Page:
America's Fastest Growing Industries
Simon is a member of The Motley Fool Blog Network -- entries represent the personal opinion of the blogger and are not formally edited.
As investors, it pays to keep an eye on industries that are growing quickly. Amazon's ascent to grace as the king of e-commerce was nicely complemented by a nascent dot-com boom and consumers that were newly connecting to the internet. Netflix's ability to take down Blockbuster was largely due to the aggressive expansion of the DVD industry.
Luckily for us, IBIS World released a special report last April that listed the 10 fastest-growing industries in the United States. The metric they based the rankings on was overall industry revenue growth during the next five years.
Here is that list of industries, shown with the fastest-growing on top.
There are a few important things to take note of before we start digging into the industries. First, the list is based off of compound annual growth rate, not absolute industry growth. For instance, social network game development is ranked #2 on the list and is predicted to rise at 22% per year through 2017. But even after all of that growth, it will still be less than 1/4 of the absolute size that the generic pharmaceutical manufacturing industry is today. So keep in mind that we're dealing with relative change rather than absolute change.
The other thing that stands out is that Green & Sustainable Building Construction was not only the fastest growing industry on the list, but it was also the largest market. The report anticipates a whopping $180 billion of growth will be seen in just the next five years, which will nearly triple its total size today. If you start to notice a lot more Energy Star rated appliances and energy-efficient air conditioners, now you know why.
How to play these trends
A strong macroeconomic tailwind can often be a best friend to investors. A rising tide can raise many ships, meaning that multiple companies can simultaneously benefit from a growth in demand for the products in their industry. This is especially true if the companies target different types of customers.
As an example, Stratasys (NASDAQ: SSYS) and 3D Systems (NYSE: DDD) are competitors in the 3D Printer Manufacturing industry. Stratasys has targeted larger, industrial customers that have needs for more complex machines using fused deposition modeling. Conversely, 3D Systems is making strides to push into the consumer market, now selling their Cube 3D personal printer for only $1,299. So who's going to be the ultimate winner in this race? The answer is most likely "both." With top line industry growth of 14% per year, there's enough room for both of these companies to ink up some new business.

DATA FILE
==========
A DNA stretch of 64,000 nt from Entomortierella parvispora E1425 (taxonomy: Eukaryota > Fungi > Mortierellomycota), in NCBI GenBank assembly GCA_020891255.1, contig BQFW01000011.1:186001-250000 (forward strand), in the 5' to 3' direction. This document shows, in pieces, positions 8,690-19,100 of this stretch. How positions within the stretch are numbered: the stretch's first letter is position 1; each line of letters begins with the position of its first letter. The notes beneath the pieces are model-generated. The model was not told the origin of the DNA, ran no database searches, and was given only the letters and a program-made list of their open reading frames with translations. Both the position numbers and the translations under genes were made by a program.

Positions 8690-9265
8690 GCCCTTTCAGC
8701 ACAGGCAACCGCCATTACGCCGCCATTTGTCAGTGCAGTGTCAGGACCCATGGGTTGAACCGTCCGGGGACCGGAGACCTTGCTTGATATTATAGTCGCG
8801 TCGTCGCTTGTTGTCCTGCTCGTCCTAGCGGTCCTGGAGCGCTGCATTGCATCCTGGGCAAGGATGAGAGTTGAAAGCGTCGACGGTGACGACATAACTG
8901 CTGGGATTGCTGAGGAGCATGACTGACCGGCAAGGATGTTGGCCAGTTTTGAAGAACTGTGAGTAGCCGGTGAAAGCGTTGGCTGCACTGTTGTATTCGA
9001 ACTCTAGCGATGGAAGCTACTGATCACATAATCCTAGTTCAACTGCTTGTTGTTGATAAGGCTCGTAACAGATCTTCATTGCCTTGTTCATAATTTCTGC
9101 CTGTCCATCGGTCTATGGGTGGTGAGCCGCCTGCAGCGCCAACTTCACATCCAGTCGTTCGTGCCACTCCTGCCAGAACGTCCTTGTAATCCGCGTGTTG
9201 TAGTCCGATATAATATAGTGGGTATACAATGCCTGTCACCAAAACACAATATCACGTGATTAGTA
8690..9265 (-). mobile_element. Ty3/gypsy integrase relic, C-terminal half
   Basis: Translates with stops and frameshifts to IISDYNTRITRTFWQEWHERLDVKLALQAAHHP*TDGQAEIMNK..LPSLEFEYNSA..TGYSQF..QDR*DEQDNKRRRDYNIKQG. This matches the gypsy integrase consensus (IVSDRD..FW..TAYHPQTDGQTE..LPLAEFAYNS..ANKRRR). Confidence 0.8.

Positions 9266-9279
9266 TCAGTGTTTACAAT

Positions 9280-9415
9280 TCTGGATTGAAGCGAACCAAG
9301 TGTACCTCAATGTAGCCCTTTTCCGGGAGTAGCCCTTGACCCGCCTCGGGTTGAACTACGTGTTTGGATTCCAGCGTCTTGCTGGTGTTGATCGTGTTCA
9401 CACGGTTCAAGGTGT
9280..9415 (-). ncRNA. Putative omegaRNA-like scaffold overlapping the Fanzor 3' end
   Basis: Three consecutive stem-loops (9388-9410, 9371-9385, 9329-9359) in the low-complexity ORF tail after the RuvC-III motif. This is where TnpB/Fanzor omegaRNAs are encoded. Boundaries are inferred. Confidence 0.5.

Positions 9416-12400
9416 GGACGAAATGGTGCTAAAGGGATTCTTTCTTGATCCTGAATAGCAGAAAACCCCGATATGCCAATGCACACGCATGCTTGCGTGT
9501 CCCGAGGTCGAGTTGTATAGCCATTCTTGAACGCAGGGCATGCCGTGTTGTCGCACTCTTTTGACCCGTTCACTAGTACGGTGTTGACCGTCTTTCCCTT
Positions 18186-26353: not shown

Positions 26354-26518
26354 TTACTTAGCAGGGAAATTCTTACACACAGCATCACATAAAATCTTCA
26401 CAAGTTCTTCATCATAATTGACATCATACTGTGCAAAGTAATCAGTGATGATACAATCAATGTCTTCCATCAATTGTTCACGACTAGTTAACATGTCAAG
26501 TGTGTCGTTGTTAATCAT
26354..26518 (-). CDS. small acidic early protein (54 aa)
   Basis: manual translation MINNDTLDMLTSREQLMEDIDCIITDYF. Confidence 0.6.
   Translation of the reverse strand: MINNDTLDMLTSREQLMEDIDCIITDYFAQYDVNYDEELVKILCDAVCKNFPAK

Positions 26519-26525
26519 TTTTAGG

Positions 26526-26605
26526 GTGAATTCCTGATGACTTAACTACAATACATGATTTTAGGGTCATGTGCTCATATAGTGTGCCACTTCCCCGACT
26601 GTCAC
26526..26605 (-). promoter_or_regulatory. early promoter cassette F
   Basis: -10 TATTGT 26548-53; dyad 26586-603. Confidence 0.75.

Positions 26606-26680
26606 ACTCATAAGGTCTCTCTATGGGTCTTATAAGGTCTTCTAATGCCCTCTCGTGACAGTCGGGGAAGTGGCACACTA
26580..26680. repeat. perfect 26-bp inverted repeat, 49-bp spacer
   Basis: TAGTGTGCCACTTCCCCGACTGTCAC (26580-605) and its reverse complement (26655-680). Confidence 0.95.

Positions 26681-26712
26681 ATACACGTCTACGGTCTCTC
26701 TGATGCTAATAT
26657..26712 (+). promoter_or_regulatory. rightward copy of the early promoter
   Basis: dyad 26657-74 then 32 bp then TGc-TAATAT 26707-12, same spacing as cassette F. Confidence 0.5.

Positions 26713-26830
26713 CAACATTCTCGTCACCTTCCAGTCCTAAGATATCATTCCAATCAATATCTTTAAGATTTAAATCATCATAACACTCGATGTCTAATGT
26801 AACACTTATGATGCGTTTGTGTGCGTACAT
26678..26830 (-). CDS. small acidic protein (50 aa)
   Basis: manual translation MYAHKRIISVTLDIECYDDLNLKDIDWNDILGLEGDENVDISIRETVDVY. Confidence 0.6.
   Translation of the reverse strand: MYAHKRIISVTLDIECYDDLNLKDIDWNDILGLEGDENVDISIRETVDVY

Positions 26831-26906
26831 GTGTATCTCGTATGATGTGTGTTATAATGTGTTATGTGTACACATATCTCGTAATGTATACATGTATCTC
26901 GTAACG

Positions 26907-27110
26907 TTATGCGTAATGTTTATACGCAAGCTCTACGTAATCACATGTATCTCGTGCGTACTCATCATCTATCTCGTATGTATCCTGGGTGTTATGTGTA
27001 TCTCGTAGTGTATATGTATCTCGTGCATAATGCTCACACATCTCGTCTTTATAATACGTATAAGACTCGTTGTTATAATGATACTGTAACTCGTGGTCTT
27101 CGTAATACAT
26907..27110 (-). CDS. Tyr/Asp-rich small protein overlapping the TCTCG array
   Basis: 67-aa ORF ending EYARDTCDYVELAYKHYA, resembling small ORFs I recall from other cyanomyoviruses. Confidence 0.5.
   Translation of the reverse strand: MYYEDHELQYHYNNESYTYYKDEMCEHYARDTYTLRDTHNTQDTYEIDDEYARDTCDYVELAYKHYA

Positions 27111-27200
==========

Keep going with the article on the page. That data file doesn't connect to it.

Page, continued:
Another play could be in the Pilates & Yoga Studios industry. Interestingly, there are not yet any nationally-branded yoga studios that have commanded a significant stake of this market (a free tip for anyone interested in the idea!) But there are indirect beneficiaries from the neo-yogi movement. Lululemon Athletica (NASDAQ: LULU) retails high-end apparel that is designed specifically for yoga and pilates enthusiasts. They have received incredibly favorable customer feedback, and even promote their brand by morphing their stores into studios to offer free yoga classes from local instructors. A more creative consideration could be Whole Foods (NASDAQ: WFM). Yoga and pilates activists are often health-conscious consumers as well. This movement bodes well for Whole Foods, who is the first nationally certified organic grocer in the US.
Of course, in you want to get in on the fastest growing companies in America, don't expect to buy them for pennies on the dollar. "Obviously good ideas" are often priced at higher multiples than the market at large. Take a look at a comparison between the stocks mentioned above and the S&P sector averages:
*2013 estimated P/E ratios for stocks mentioned taken from Morningstar: www.morningstar.com.
**Sector averages taken from S&P Capital IQ: http://www.sectorspdr.com/shared/pdf/sectorResearch/GICS_Sector_EPS.pdf
The fastest-growing companies demand higher prices per dollar of earnings than each of their respective sector averages.
Place your bets on the hare
The US gross domestic product grew a pathetic 0.6% per year between 2002 and 2007. Fortunately, due to advances in technology, a newfound source of cheap energy, and a recovering housing market, US GDP is forecast to grow 3.3% a year in aggregate over the next five years. If the US recovery continues as planned, many companies (and stocks) will do very well.
Investing in growth stocks is not without its own set of risks. When highly-valued companies miss earnings estimates or fail to execute as hoped, they are often punished with excruciating one-day drops in stock price. But if you've got a stomach that can handle the volatility, that rising tide could raise a few ships in your portfolio.
TXinvestor82 owns shares of Lululemon and Netflix. The Motley Fool recommends 3D Systems, Amazon.com, Lululemon Athletica, Netflix, Stratasys, and Whole Foods Market. The Motley Fool owns shares of 3D Systems, Amazon.com, Netflix, Stratasys, and Whole Foods Market and has the following options: Short Jan 2014 $55 Calls on 3D Systems and Short Jan 2014 $30 Puts on 3D Systems. Try any of our Foolish newsletter services free for 30 days. We Fools may not all hold the same opinions, but we all believe that considering a diverse range of insights makes us better investors. The Motley Fool has a disclosure policy. Is this post wrong? Click here. Think you can do better? Join us and write your own!